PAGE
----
Denver do-gooders propose ballot measure to make weed illegal in Colorado… again

Denver do-gooders propose ballot measure to make weed illegal in Colorado… again

Despite the success of legalization, people still can't chill

VicesFebruary 11, 2020 By Will Brendza

It took almost 45 years of hard work, advocacy and education to get cannabis legalized anywhere in the US.

The controlled substances act of 1970 officially marked the beginning of cannabis prohibition (although it had been stigmatized and legally penalized since the early 1900’s). It took many years, a lot of protesting and a shift in the culture surrounding cannabis to put an end to that. But, in 2014, Colorado became the first state to recreationally legalize weed and officially kill the prohibition.

Colorado’s cannabis industry has since become a $1 billion tax machine — providing funding for construction and education projects throughout the state.    

But now, a pair of do-gooder anti-cannabis activists have filed a new ballot initiative proposal that would turn over that legalization and re-instate the prohibition of pot. Denver resident and resident square, Mary Lou Mosely and Willard Behm, a stiff lawyer out of Rocky Ford, see cannabis as a threat to this state’s culture and spirit. In the eyes of these two righteous activists, cannabis has made the good state of Colorado a more dangerous and less-enjoyable place to live.

They even go so far as to call cannabis a “state-wide concern.”

Right. A state-wide concern which, has resulted in exactly zero overdose deaths since prohibition ended in this state. A concern which, has generated over $6.5 billion just since 2014. A concern which has created thousands of jobs, allowed people to build their own businesses and better their lives — making the American Dream a real possibility for many.

Sadly, Mosley and Behm did not respond to requests for comment on their proposed ballot initiative. However, here is the full text of their proposal:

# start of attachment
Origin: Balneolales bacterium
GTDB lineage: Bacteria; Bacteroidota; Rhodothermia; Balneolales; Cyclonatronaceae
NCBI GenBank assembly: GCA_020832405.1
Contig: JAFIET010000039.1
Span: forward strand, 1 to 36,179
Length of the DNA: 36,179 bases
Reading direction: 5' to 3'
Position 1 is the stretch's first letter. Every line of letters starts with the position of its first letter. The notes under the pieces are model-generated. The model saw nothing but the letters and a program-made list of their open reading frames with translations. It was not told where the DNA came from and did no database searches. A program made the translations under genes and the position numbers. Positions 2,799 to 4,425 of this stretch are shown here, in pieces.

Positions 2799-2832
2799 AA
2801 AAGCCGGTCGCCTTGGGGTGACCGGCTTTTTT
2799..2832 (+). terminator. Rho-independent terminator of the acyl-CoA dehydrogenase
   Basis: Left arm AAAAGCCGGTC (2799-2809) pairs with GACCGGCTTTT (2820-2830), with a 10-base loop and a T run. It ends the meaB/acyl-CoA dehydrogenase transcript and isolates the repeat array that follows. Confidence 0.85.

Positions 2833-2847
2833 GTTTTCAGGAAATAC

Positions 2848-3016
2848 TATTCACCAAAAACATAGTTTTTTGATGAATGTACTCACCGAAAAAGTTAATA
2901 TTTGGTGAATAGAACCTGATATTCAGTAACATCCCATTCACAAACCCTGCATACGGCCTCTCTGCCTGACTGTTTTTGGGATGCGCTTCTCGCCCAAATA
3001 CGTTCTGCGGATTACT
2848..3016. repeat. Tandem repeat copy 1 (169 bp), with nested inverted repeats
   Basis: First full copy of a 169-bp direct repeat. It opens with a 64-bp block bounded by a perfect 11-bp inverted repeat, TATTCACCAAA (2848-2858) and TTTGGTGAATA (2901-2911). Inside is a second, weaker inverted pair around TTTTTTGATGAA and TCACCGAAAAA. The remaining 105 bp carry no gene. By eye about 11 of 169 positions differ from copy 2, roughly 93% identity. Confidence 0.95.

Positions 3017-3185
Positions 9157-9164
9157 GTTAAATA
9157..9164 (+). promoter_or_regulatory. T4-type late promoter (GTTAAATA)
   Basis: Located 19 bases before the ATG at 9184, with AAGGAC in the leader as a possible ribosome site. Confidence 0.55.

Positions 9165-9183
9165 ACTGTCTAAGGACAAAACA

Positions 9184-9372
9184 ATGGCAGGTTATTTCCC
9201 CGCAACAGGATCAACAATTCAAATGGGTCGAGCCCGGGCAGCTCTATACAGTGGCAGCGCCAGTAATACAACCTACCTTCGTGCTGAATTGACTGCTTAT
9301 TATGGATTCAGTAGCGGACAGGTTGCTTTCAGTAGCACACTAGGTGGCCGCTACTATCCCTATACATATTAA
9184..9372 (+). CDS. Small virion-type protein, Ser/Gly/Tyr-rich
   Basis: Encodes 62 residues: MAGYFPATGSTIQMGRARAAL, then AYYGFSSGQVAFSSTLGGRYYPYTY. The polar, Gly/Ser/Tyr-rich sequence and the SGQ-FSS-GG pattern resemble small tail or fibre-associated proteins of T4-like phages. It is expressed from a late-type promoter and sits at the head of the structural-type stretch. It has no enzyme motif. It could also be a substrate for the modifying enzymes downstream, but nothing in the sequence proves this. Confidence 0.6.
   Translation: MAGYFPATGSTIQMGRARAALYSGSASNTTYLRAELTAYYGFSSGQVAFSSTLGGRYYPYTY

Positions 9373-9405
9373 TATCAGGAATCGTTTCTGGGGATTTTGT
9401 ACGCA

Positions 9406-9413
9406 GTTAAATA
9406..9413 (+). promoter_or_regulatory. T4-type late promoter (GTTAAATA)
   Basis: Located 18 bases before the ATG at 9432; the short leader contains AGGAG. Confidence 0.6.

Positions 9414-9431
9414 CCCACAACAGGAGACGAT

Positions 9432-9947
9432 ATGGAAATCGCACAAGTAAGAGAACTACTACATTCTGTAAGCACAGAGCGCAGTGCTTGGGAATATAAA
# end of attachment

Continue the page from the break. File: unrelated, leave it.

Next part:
The people of Colorado declare that the recreational use of marijuana is a matter of statewide concern.

Article XVIII, Section 16 of the Colorado Constitution (Personal Use and Regulation of Marijuana) is repealed.

Laws regarding medical marijuana and industrial hemp are not changed.

This amendment is effective upon the official declaration of the vote hereon by the Governor pursuant to Section 1(4) of Article V of the Colorado Constitution.

Before the state can even take that proposal seriously, though, Mosley and Behm need to rewrite it, according to state legislative staffers. Apparently, even with the professional help of Willard Behm, esquire, that text isn’t specific enough about what state laws would have to be changed and what specific language would have to be added or removed. It pretty much just says, “Cannabis bad, make illegal again!”

Which, is neither specific nor realistic enough for state legislatures to even consider.  

And, even if they figure out adequate language, Mosley and Behm would have to get 124,326 signatures from registered Colorado voters, just to get this measure on the ballot.

Good fucking luck. As Matthew Schweich, the deputy director of Marijuana Policy Project, told Marijuana Moment, “We view this initiative as a deeply misguided and futile attempt to roll back a successful legalization policy that Coloradans firmly support … This initiative would kill jobs, destroy businesses, deprive the state of tax revenue, and restore the injustice of prohibition.”

If anything, the recreational legalization of cannabis in Colorado has proven that there’s no legitimate reason to maintain its prohibition. This stuff is fun to use, it isn’t addictive, it offers many an organic alternative to alcohol or opioids, creates jobs, and generates a billion dollars in tax revenue a year which then goes right back into our communities.

You couldn’t make a sensible argument to try and put this genie back in the bottle, if you tried. Some 67 percent of Americans agree that cannabis should be legal everywhere in the US, according to PEW research — a number that’s likely much higher in Colorado alone.

Mosley and Behm are in the minority on this one. It would be incredible if they even got enough signatures to get it on the ballot, let alone enough votes to repeal legalization. And even if they did, Schweich says that the reform movement will be ready for them.

“We are confident that Colorado voters would firmly reject it,” Schweich added. “But we will not be complacent. If this initiative qualifies for the ballot, the marijuana reform movement will make sure that there is a strong and well-funded campaign to defeat it.”